"We have an obligation not to let that student languish in our setting," she said.
During the school's first year of operation, Gifford said all 400 virtual students drove to White Oak and stayed at a Holiday Inn to take state and federally mandated tests.
She said the school's test results met the state's benchmarks.
"If we don't make (adequate yearly progress) we pay the ultimate price of going out of business immediately," Gifford said.
The White Oak School Board approved a contract with K12 that gives the for-profit company 95 percent of the state aid for its virtual students and allows the district to retain 5 percent or $100,000, whichever is greater, as an administrative fee, Gifford said.
Six virtual schools are operating in Oklahoma right now. After White Oak lost its high school because of low enrollment, K12 moved its virtual high school program to Wynona Public Schools, another rural district about 80 miles from White Oak.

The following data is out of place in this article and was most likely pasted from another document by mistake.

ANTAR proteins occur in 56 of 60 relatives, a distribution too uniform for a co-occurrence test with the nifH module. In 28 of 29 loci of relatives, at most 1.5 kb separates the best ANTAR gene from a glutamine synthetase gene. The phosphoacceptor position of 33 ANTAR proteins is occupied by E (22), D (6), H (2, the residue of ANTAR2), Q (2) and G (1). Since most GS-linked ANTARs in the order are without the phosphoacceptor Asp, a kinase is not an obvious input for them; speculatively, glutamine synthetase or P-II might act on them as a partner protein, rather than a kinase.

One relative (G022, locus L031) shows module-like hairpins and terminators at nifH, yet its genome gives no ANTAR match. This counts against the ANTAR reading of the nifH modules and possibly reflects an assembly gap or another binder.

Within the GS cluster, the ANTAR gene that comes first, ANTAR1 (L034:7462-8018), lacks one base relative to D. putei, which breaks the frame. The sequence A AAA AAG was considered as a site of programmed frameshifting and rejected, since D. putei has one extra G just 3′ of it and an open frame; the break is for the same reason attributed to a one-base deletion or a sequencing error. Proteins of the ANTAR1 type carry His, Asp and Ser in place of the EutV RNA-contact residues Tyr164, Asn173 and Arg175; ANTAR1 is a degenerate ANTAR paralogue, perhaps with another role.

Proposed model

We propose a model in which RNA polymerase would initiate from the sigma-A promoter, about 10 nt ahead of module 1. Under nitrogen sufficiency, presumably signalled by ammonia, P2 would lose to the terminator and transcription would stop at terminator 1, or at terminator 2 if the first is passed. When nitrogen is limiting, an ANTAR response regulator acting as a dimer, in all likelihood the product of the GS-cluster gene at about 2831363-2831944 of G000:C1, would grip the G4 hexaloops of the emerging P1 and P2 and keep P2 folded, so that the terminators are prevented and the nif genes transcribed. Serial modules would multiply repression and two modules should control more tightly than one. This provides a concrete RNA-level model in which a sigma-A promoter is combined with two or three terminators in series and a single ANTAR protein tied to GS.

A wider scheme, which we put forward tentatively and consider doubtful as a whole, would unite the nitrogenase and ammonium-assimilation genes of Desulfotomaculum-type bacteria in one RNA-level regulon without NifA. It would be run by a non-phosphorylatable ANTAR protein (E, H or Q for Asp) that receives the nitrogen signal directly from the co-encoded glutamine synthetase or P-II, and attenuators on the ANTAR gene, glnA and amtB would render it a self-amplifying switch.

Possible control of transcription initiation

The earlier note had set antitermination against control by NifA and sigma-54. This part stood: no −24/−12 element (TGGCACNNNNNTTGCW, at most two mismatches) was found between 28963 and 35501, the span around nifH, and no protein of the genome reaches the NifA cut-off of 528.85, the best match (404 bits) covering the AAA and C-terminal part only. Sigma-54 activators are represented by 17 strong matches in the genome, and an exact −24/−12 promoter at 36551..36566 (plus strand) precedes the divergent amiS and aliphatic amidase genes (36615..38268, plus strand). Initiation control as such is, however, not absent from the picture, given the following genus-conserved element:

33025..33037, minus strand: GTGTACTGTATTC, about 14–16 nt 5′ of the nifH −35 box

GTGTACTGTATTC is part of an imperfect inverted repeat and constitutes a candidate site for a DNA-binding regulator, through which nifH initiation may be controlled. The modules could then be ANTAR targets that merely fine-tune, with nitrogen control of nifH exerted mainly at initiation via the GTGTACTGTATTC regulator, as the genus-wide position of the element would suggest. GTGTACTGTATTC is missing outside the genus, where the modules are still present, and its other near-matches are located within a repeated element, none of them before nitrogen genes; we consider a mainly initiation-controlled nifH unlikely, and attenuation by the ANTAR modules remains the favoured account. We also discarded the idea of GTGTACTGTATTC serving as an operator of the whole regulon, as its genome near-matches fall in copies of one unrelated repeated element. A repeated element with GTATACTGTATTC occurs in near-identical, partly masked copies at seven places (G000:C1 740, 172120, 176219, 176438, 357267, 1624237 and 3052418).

Gifford said about 75 students are enrolled in that school.
Then there are four other virtual schools run by other online school companies such as Advanced Academics and Illuminated Learning.
"We're concerned, period, about this whole dynamic that is happening, but we want to put our arms around it and guide it for the taxpayer and the student who is involved," Garrett said.
A task force was created by the state legislature this session to evaluate virtual schools and develop rules to govern the often for-profit companies.
The board also discussed in executive session Thursday a court ruling to the effect that the state must fund a proposed virtual charter high school.
The board voted to appeal the ruling that Epic 1 on 1 Charter School could serve as its own district, while moving forward with the school's accreditation process.